Raman spectroscopy is a non-destructive optical technique, based on scattering of light
Atoms in a molecule move about their equilibrium position in so called vibrational modes. When a particle of light (a photon) and a molecule interact, some of the energy of the photon can be transferred to the molecule.Thereby, one of the vibrational modes in the molecule is excited.
The energy of the scattered photon is reduced by the exact amount of energy received by the molecule.
Sir C.V. Raman discovered this light-scattering phenomenon in 1928 and was awarded the Nobel Prize in Physics in 1930.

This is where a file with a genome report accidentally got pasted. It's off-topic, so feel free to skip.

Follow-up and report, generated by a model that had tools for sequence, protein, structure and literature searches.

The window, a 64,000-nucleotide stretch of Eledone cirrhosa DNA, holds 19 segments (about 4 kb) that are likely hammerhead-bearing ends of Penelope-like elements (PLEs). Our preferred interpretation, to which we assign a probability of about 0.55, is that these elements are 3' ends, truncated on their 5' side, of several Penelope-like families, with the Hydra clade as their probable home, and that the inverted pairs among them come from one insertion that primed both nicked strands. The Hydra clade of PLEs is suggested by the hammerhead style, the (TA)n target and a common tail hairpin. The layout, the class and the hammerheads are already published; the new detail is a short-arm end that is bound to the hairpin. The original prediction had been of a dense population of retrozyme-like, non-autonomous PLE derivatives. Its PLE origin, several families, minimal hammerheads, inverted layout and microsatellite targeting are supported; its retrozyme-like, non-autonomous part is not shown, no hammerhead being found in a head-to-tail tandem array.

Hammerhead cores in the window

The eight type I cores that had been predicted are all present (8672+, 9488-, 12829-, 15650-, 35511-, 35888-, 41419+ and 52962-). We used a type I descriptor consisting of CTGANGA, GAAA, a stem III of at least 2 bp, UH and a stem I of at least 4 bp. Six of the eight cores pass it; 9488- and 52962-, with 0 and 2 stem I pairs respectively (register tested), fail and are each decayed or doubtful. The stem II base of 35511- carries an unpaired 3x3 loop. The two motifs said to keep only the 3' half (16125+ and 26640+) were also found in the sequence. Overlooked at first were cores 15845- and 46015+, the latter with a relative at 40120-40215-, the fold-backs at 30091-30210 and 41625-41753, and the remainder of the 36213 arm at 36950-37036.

In Raman spectroscopy the sample or object under investigation is illuminated with monochromatic laser light and the difference in energy between scattered photons and incident photons (called the “Raman-shift” and expressed in relative wavenumbers:
The precise amount of energy required to excite a molecular vibration, is sharply defined. It depends on the masses of the atoms involved in the vibration, on the type of chemical bonds between these atoms, on the structure of the molecule and on interactions with its environment and other molecules.